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Gregory Barker: To ask the Secretary of State for the Home Department when he expects his office to reach a decision on the case of Ms Alexis Perreira in respect of her application for indefinite leave to remain in the UK. 
To ask the Secretary of State for the Home Department when he will issue a letter confirming her status to Mrs. Maliheh Sadeghi Boroujerdi, of Newcastle, following the decision of the Immigration
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Appeal Tribunal of 2 February (appeal no. TH/07220/2004) not to grant the Secretary of State permission to appeal against the earlier decision of the adjudicator. 
Mr. McNulty [holding answer 24 May 2005]: Mrs. Boroujerdi's representative was contacted on 23 May to request the necessary documentation. Her status will be confirmed as soon as the correct documentation has been received.
Mr. Gibb: To ask the Secretary of State for the Home Department if he will make a statement on the case of Mr. Hugh Hickson, formerly of the Prison Service, referred to in the letter of 4 April from the then Parliamentary Under-Secretary of State to the hon. Member for Bognor Regis and Littlehampton. 
Fiona Mactaggart: Mr Hickson took his grievance to an employment tribunal, which found against him in September 2004. There was no subsequent appeal to an employment appeals tribunal and it would not be appropriate for me to comment on the due process of law in this matter.
Mr. Gale: To ask the Secretary of State for the Home Department how many accidents involving police (a) pursuit and (b) patrol cars and drivers and members of the public resulting in serious injuries or death there were in each of the last five years for which figures are available.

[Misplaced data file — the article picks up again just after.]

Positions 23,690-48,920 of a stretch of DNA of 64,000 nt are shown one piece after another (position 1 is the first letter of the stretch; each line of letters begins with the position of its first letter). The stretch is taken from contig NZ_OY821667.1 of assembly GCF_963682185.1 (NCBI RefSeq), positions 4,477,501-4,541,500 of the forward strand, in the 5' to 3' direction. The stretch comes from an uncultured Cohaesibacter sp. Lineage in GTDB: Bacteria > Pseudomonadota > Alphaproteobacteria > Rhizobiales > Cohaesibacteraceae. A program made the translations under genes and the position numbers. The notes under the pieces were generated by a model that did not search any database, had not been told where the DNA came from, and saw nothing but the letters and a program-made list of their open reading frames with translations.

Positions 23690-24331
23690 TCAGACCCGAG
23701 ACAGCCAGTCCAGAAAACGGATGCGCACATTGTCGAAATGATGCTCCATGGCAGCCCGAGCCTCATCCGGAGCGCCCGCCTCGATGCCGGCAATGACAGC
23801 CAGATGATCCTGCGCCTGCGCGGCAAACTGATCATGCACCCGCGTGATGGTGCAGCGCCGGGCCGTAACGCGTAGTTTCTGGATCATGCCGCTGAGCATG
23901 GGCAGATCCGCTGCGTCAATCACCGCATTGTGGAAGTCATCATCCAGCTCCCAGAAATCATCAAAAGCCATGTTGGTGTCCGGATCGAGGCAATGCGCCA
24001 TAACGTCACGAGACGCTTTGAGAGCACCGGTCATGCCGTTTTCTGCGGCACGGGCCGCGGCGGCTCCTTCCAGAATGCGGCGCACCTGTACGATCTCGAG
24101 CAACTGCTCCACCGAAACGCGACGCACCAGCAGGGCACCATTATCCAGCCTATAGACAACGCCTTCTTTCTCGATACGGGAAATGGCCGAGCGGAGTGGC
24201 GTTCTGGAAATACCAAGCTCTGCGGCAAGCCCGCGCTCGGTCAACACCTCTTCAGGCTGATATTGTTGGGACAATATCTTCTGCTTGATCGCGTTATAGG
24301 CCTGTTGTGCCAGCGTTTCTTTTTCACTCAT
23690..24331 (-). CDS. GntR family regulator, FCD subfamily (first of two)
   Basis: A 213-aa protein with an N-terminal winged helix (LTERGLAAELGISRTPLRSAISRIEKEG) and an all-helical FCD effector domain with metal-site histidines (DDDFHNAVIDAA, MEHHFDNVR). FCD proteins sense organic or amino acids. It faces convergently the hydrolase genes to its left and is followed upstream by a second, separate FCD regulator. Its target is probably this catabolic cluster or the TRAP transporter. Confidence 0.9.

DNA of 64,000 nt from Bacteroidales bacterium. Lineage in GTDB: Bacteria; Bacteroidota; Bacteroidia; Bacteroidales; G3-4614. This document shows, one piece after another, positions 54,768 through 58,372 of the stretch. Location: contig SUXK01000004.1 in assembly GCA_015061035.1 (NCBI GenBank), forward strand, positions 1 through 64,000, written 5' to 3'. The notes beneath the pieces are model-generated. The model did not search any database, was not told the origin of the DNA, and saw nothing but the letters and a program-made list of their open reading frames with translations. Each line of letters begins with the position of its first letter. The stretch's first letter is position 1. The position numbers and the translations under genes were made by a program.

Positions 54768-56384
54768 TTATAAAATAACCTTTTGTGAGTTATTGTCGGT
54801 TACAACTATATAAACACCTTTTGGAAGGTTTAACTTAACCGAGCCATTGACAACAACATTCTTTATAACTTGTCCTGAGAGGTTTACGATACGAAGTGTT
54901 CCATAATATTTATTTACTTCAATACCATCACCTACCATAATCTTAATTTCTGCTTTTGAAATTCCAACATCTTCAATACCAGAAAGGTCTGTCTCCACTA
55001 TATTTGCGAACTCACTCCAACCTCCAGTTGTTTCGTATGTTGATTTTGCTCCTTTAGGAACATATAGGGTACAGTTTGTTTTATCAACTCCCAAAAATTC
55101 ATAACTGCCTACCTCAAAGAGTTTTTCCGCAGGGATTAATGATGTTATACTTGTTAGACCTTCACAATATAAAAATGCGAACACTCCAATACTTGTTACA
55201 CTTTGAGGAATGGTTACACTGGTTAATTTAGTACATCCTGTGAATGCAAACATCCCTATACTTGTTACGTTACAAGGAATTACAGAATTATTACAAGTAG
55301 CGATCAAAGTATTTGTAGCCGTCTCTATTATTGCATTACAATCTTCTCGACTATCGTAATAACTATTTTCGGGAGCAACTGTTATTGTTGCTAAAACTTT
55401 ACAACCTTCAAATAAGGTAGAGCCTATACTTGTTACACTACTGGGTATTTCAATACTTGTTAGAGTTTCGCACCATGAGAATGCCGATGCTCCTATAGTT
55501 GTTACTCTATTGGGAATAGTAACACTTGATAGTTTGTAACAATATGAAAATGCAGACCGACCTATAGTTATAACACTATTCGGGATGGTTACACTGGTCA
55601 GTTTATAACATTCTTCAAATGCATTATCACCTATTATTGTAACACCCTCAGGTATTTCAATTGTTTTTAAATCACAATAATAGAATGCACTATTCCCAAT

The available information for the numbers of casualties and degree of injury from road traffic collisions resulting from immediate/emergency response and police pursuits on public roads involving all police forces in England and Wales is provided in the table.
|Members of Public|
Mr. Gale: To ask the Secretary of State for the Home Department how many accidents involving (a) Kent police and (b) Metropolitan police (i) pursuit and (ii) patrol vehicles and drivers and members of the public resulting in serious injuries or death there were in each of the last five years for which figures are available. 
The available information for the numbers of casualties and degree of injury from road traffic collisions resulting from immediate/emergency response and police pursuits on public roads involving Kent police and the Metropolitan police is provided in the table.
|Number of casualties/injuries|
|Members of public|
Mr. Thomas: The UK has provided over £100 million in humanitarian aid to Afghanistan since 2001. Afghanistan is gradually moving from being a failed state with urgent humanitarian and relief needs, to a post-conflict state with a growing economy and new state structures in need of sustained support. In response to this process of slow stabilisation, and at the request of the Afghan Government, DFID is increasingly focusing on support to long-term reconstruction and development.